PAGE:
Protestantism in Early America - October 31
- 2013 10 Oct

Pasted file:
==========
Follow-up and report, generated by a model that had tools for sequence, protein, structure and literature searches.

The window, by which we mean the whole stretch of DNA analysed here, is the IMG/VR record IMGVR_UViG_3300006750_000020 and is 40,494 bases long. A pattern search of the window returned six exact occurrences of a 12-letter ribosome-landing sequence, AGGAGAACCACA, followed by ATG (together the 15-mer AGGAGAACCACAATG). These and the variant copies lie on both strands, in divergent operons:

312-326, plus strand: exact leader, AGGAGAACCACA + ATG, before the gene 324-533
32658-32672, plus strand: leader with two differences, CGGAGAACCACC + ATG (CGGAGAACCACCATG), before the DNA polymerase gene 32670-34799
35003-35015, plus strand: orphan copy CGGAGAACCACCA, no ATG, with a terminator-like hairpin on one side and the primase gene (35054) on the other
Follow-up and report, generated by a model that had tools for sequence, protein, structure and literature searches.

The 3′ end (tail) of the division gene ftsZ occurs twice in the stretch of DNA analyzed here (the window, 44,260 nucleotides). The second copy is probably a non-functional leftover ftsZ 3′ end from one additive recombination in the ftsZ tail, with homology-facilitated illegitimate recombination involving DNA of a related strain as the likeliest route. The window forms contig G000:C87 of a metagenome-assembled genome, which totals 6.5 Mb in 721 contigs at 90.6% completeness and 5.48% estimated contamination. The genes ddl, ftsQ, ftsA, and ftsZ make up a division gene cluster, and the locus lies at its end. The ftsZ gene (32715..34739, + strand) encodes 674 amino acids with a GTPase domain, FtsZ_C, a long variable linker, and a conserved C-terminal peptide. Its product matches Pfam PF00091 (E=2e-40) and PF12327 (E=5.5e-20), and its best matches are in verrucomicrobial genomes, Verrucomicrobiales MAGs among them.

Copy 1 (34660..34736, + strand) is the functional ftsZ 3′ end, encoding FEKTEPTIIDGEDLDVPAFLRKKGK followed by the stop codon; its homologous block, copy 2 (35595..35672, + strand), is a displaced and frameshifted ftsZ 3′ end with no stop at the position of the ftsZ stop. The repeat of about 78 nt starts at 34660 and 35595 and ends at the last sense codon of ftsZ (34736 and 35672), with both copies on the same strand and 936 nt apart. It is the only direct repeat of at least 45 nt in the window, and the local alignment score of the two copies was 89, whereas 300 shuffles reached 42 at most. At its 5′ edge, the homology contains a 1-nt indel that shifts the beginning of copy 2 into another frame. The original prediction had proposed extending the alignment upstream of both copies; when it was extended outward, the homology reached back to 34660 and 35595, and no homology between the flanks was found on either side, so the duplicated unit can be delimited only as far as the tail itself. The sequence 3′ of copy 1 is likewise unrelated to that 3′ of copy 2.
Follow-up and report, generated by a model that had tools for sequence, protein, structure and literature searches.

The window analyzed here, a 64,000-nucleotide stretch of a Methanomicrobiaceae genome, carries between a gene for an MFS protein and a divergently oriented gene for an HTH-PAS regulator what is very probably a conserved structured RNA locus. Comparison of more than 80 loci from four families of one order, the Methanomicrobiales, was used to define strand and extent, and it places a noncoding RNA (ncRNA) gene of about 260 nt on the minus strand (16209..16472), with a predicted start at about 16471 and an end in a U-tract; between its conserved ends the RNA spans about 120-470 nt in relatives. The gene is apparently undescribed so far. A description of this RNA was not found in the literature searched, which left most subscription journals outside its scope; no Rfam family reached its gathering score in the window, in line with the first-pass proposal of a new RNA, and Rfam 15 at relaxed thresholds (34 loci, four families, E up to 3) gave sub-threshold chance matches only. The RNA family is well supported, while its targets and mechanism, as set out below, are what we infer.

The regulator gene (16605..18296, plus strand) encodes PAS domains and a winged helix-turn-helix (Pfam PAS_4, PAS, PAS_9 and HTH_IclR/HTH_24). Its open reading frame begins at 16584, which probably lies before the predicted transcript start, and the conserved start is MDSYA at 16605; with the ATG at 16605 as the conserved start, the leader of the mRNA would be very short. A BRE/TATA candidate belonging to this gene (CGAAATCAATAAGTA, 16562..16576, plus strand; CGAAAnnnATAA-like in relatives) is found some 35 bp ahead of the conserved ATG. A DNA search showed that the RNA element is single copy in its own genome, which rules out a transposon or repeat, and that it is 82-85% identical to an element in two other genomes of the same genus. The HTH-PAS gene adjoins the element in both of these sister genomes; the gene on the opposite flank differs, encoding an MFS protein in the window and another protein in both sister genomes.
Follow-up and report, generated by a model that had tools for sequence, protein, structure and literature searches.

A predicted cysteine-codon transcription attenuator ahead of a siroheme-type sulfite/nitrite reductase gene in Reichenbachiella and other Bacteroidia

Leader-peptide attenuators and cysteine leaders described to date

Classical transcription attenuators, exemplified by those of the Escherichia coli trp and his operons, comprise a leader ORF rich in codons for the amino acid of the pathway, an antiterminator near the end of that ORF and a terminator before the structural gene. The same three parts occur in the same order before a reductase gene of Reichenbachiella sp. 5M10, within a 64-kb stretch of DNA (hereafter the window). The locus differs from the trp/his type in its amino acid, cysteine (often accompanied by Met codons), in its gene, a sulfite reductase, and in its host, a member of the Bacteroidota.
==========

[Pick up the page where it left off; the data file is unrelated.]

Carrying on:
Upon signing the Declaration of Independence, Samuel Adams stated: "This day, I trust, the reign of political protestantism will commence." The 56 signers were mostly Protestant, with a notable exception being Catholic Charles Carroll of Maryland. New York University Professor Emeritus Patricia Bonomi, in her article "The Middle Colonies as the Birthplace of American Religious Pluralism" wrote: "The colonists were about 98 percent Protestant." British Statesman Edmund Burke addressed Parliament, 1775: "All Protestantism...is a sort of dissent. But the religion most prevalent in our Northern Colonies is a refinement on the principle of resistance; it is the dissidence of dissent, and the protestantism of the Protestant religion." Protestantism traces its origins to OCTOBER 31, 1517, when Martin Luther posted 95 questions on the door of Wittenberg Church. Summoned to stand trial before 21-year-old Emperor Charles V, Luther was declared an outlaw. Frederick of Saxony hid him in Wartburg castle where he translated the New Testament into German. Luther later wrote: "I am much afraid that schools will prove to be the great gates of hell unless they diligently labor in explaining the Holy Scriptures, engraving them in the hearts of youth."